13
Feb
14

“A boy named Lyric” – gender stereotypes suck!

Gender may seem like an odd thing for me to write about in this blog, but it’s important. Confidence, experience, career, income, life choices – these all are contributors to attitude and ability to be self-sufficient. Inequality in pay, income, education and benefits often contributes to women staying in bad relationships and not having freedom of choice in their lives. Since I try to write about empowerment and evolution in my life, the gender issue really applies in how I got here, where I’m going, how long it will take me and how much I’ll be paid. Thus, I’m writing about it.

Gender has been on my radar this morning. First, I had an unexpected interaction with a cop prior to my morning coffee today. One is generally a bit interested and concerned to see a cop outside their house at 6:30 in the morning – I stuck my head out the door as my guy was heading to work. He & the cop exchanged “good mornings” and my fella got in his car. The cop said “don’t you want to know what’s going on?” My guy said “nope” and left. I came out right after and the cop praised me for my interest (there was an armed robbery nearby and the suspect seen in my neighborhood.) The officer then asked who “that guy” was and proceeded to tell me how irritated he was that he didn’t care why there was a cop at the foot of our driveway. He asked how long we’ve been dating. He said “you can do better. He’s not good enough for you.” I made excuses like I was some sort of abuse victim and Officer Friendly opined that he couldn’t believe that a man would leave his home and his woman with a cop outside without knowing what was going on. He said “what kind of man does that?” I eventually went into the house and copper once again shouted “he’s not good enough for you! You have my vote!” It wasn’t until after I’d had some coffee and a moment to think about it that I realized how sexist this exchange was. I had treated it in a jokey, flirty manner, but my guy summed it up best by answering the “what kind of man does that” question: “The kind of man who knows you have it under control and can take care of yourself. I had to get to work & didn’t have time to chit-chat. Besides – you were perfectly safe – there was a COP there!” Heck yeah!

After that bit of weirdness, I sat down at my computer to read that Soliel Moonfrye has had a third child. A boy named Lyric. That’s how Bing promoted the article too. “A boy named Lyric.” So what? She likes non-traditional names. Who decided that “Apple” and “Lyric” were feminine and “Ryder” and “Sage” were masculine? For that matter, who decided that pink is for girls and blue is for boys and why are we continuing to buy into this freakish gender binary?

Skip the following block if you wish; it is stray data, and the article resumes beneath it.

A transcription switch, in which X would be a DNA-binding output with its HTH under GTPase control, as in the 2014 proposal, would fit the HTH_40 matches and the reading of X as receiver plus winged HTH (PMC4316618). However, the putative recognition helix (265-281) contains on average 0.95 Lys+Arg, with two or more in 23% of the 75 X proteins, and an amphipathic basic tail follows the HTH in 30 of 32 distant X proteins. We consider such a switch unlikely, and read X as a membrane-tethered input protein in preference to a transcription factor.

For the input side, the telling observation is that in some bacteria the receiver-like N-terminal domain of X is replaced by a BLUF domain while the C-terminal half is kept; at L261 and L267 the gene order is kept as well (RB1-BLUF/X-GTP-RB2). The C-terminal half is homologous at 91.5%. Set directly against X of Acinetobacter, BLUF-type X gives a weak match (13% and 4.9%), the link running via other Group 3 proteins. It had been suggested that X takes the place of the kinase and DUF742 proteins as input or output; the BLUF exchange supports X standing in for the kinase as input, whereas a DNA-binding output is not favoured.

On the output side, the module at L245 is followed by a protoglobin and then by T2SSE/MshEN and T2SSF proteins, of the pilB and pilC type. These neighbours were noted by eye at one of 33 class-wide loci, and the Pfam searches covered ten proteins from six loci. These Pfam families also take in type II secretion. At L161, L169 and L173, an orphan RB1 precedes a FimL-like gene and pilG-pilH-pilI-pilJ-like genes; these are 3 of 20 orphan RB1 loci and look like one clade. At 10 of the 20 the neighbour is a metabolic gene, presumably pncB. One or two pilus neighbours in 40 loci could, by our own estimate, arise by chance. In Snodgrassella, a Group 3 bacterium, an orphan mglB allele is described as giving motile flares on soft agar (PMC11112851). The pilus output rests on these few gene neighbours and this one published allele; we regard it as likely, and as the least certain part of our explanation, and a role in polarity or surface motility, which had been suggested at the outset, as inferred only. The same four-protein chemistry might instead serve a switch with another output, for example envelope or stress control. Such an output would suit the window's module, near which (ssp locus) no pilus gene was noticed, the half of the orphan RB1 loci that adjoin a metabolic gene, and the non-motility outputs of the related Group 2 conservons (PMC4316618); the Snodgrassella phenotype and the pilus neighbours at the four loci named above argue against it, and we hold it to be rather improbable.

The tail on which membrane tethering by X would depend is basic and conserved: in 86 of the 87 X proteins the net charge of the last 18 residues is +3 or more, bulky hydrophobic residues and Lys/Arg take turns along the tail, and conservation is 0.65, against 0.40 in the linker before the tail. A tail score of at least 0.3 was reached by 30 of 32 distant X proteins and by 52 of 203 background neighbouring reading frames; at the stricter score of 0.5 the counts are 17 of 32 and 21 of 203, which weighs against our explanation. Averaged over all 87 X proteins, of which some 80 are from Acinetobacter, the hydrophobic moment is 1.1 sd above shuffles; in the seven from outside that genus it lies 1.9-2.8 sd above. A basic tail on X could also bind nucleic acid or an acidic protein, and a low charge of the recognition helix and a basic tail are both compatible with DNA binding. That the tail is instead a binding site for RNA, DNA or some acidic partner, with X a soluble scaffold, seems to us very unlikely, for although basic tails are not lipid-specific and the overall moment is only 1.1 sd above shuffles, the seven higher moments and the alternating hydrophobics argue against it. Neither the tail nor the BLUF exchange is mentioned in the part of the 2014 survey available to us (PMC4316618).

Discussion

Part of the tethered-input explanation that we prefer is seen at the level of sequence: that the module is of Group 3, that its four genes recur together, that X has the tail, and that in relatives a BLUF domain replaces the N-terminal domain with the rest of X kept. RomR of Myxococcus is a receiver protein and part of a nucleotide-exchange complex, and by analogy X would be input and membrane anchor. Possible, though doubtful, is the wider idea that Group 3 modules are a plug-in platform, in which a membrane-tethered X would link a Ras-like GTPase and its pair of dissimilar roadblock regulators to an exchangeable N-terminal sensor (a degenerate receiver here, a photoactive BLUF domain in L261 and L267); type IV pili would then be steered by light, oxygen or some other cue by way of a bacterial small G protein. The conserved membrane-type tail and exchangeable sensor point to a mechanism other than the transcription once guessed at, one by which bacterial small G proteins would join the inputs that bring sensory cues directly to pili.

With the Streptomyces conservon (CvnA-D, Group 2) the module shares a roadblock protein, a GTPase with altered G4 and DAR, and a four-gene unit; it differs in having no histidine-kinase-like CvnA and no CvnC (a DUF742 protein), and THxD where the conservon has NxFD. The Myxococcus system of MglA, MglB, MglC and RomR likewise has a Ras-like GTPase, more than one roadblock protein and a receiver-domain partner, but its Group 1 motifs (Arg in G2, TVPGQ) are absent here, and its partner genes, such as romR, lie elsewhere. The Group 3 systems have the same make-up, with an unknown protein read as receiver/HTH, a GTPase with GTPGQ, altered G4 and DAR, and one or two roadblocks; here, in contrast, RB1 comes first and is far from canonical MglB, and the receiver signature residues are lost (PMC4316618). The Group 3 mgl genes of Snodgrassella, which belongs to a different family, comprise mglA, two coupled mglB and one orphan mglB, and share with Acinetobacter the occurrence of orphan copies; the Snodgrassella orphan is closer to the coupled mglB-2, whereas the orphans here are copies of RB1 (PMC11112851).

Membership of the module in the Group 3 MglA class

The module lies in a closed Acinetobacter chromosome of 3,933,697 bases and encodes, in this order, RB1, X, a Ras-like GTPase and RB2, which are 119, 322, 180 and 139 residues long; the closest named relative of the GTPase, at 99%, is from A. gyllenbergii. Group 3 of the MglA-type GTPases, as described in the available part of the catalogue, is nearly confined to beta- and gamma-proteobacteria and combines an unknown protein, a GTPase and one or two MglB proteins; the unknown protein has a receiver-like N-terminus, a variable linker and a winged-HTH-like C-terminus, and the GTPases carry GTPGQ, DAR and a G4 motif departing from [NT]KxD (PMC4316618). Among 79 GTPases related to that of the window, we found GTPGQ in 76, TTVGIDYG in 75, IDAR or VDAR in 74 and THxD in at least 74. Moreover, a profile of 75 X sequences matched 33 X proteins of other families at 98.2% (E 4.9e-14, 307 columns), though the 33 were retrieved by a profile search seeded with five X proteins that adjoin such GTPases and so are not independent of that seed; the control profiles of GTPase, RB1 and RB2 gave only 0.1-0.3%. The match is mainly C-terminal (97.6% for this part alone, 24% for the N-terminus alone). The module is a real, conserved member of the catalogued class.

As I was contemplating on that subject, two separate friends posted this article on Facebook about the 1981 LEGO ad girl and how gender neutrality has actually gotten worse in the past 33 years:

http://www.womenyoushouldknow.net/little-girl-1981-lego-ad-grown-shes-got-something-say/

Well, crap. My friends know that gender issues are a huge hot button for me. I imagine that my children might be aware of this as well. When my oldest was a little guy at the McDonalds play-place, they would often ask if I wanted a “boy toy or girl toy” – I used to emphatically state that my SON would like the BARBIE. They still do this today, yet it shows up on the receipt as “DOLL TOY” or “CAR TOY” – secret gender code for male/female I guess. Would it kill them to ask if you want the doll or the car? Or “would you like the Angry Bird toy or the Bratz doll?” Easier still? A 6-piece gender-neutral mini Lego set. A notebook. An invisible ink pen. A magnifying glass. Something that allows for creativity & expression without pigeonholing kids into societal roles. The LEGO ad girl is right – it’s gotten WORSE – at least from my viewpoint. I currently work with one kid who is so deeply mired in gender stereotyping that they actually get stressed at the notion of a boy with long hair or a girl wearing a football jersey.

Last Christmas, when one of my siblings was expecting a baby and did not yet know the gender, I wanted to get some gender neutral baby clothes. I was seriously unable to walk into a retail store and find just PLAIN STUFF to purchase. Ninety percent of the clothes that I saw were blue & covered in footballs or pink & covered in ballerinas and completely divided into gender categories.

As a parent, woman & educator, this worries me. But here’s an interesting sub-plot that I just have observed using very limited data: the LEGO ad girl doesn’t have kids. The two people who shared this article don’t have kids. Are the people who are most concerned about this issue childless folks? Is it possible that we parents are simply ashamed to admit that we are constantly losing the battle of the pink and that sometimes it’s easier to give in than fight?

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